The Digital Skeptic: Government Has Bad Forecast for Weather Companies

NEW YORK ( MainStreet) -- Hurricane Isaac may have taken a steep toll on New Orleans, but the big blow revealed a far deeper weakness in another dubious levee in the digital dike -- the lucrative business of weather information.

Believe it or not, the ancient ebb and flow of the wind, clouds and water has turned out to be a killer app in the bleeding-edge mobile Internet. Several multiplatform commercial digital weather operations, such as The Weather Channel and Earth Networks' WeatherBug service, compete with a larger hive of mobile weather apps to offer the inside scoop on what is happening inside the atmosphere.

No less than Mary Meeker -- the one-time superstar Morgan Stanley ( MS) analyst who is now a partner over at Menlo Park, Calif.-based investment shop Kleiner Perkins Caufield & Byers -- says the weather market has become a critical cog in the mobile device market.

In her latest Internet Trends report, right there on slide 19, she pegs the leading category in so-called mobile eCPMs -- that's roughly what an advertiser is willing to pay to advertise on something like a smartphone -- is not in sports, or navigation or even business news.

But up in the clouds.

Weather is mobile money
According to Meeker, weather fetches a category-crushing $1.24 eCPM. That's 6% or so bigger than the next category, education. And a stunning 80% or so more than the median value of the top-10 listed categories -- mostly utterly mundane stuff such as health and fitness, education and utilities. Supposed mobile world killers including sports, media, and news -- the stuff investors hoped would pay off in the no-money Web -- don't even make Meeker's top 10.

Weather's critical position is not lost to investors. This summer, The Weather Channel companies, which counts some serious Wall Street backers including The Blackstone Group and Bain Capital, bought out Ann Arbor, Mich.-based provider Weather Underground -- in part to protect both companies from today's twister of online and multichannel weather operations. I gave up counting the number of weather apps after WeatherBug, GO Weather and the weather features in LevelUp Studio's  Beautiful Widgets suite of offerings.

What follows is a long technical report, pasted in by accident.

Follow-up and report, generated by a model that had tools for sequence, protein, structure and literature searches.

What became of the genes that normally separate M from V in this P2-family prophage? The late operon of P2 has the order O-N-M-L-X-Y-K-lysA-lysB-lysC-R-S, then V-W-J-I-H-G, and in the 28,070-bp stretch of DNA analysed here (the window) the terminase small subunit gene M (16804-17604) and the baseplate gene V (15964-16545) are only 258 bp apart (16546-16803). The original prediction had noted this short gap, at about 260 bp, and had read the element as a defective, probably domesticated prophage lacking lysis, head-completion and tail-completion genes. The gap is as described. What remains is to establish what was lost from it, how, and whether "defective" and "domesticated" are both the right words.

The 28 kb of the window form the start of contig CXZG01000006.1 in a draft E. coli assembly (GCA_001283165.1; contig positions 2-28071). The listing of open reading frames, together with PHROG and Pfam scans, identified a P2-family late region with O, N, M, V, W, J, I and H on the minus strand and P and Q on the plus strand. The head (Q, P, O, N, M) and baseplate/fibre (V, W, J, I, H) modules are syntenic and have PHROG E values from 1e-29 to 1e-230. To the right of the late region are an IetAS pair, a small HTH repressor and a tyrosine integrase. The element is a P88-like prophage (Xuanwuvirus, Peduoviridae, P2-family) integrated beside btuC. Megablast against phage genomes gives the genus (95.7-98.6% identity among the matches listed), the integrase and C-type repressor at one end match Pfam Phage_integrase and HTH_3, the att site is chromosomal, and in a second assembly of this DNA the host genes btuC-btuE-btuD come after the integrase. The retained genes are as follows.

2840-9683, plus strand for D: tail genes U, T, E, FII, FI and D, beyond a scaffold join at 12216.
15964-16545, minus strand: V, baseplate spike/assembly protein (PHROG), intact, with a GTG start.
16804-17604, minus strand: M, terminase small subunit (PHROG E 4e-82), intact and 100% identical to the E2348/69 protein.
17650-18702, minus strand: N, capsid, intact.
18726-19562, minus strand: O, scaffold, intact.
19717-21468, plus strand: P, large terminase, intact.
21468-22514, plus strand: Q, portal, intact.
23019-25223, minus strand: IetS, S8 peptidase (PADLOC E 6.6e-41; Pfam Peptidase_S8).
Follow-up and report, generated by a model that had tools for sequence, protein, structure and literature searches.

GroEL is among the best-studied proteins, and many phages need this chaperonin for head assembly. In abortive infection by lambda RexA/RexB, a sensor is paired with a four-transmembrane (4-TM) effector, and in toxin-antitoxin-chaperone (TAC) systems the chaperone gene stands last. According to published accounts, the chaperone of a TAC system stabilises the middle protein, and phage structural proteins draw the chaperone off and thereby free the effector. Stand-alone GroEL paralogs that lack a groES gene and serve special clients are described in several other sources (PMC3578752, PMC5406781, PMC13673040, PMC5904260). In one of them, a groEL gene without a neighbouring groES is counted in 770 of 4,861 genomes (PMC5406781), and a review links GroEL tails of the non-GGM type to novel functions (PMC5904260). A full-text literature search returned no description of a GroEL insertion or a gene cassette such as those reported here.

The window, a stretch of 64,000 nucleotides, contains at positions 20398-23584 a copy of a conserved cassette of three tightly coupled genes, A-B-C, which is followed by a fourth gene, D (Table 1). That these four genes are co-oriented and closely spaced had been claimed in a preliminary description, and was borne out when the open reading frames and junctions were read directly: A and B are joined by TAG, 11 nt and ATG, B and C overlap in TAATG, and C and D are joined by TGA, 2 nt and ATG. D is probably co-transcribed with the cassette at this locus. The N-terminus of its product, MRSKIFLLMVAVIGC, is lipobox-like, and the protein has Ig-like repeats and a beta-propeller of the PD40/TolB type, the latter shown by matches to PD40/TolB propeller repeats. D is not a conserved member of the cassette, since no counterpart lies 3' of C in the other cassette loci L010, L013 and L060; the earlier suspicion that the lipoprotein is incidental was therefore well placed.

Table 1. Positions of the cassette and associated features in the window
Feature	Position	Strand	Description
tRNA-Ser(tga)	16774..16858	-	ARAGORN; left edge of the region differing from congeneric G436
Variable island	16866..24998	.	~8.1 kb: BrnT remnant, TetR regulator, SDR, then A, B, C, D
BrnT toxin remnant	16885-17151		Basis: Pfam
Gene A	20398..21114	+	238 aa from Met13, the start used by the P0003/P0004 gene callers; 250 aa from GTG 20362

But the scary thing is, that massive threat is just part of the risk established weather content companies face in this impossible-to-rationalize digital economy.

Just as the Internal Revenue Service's website has made much of private tax and accounting products obsolete, no less than the uber-geeky, government-owned National Weather Service is quietly remaking itself as a digital content powerhouse private investors must fear.

For all of The Weather Channel's star power or the crowdsourced data from Weather Underground or custom computer models from an operation such as Earth Networks, the 8,000-pound weather content gorilla is the computer models, analysts and atmospheric data managed by the National Weather Service.

The power of what this service offers directly to customers is staggering.

Want the real deal on Isaac? Forget Weather.com, WeatherBug or any of those outfits. Go right to the National Hurricane Center, part of the National Weather Service's online efforts. And there you will find an excellent Web service with all you'd need to know about disasters such as Isaac.

What's sobering to investors is that the National Weather Service is just getting started as a digital content provider. The agency is in the middle of a ground-up rebuild as part of a larger government-backed effort called Weather-Ready Nation. With the goal of making our slow-to-move country more responsive to natural disasters such as Hurricane Katrina and the devastating 2011 tornadoes in Joplin, Mo.

Weather-Ready Nation will feature serious new radar products, advanced imaging technologies, easier-to-use online resources and -- in a direct threat to private mobile app makers -- a significant move into improved mobile assets, including better emergency alerts.

"The work of the entire weather and emergency management community," says the agency website, "is driven by a desire to make sure the tragic impacts of the tornadoes in 2011 are never repeated."

Go try Weather.gov. You'll see you'd be a fool to rely on any other provider for the life-and-death information you'll need when the next Isaac or Katrina shows up.

Private companies simply cannot compete.

No manna from digital heaven
So here investors are -- yet again -- looking down the barrel of more grim digital age big-think. The information that drives the modern digital weather business is the same as the information driving the modern music, publishing and legal businesses: It's a commodity. Competition is brutal. And wholesale content creators, which, in this case, is the government, can reach consumers directly.

That adds up to a smaller sandbox for investor-backed weather companies to play in, and one less lucrative niche to pay for our crumbling digital infrastructure.

Weather, once one of hidden flowering cherry trees of the content forest, is now just flying debris in the digital hurricane.

This commentary comes from an independent investor or market observer as part of TheStreet guest contributor program. The views expressed are those of the author and do not necessarily represent the views of TheStreet or its management.

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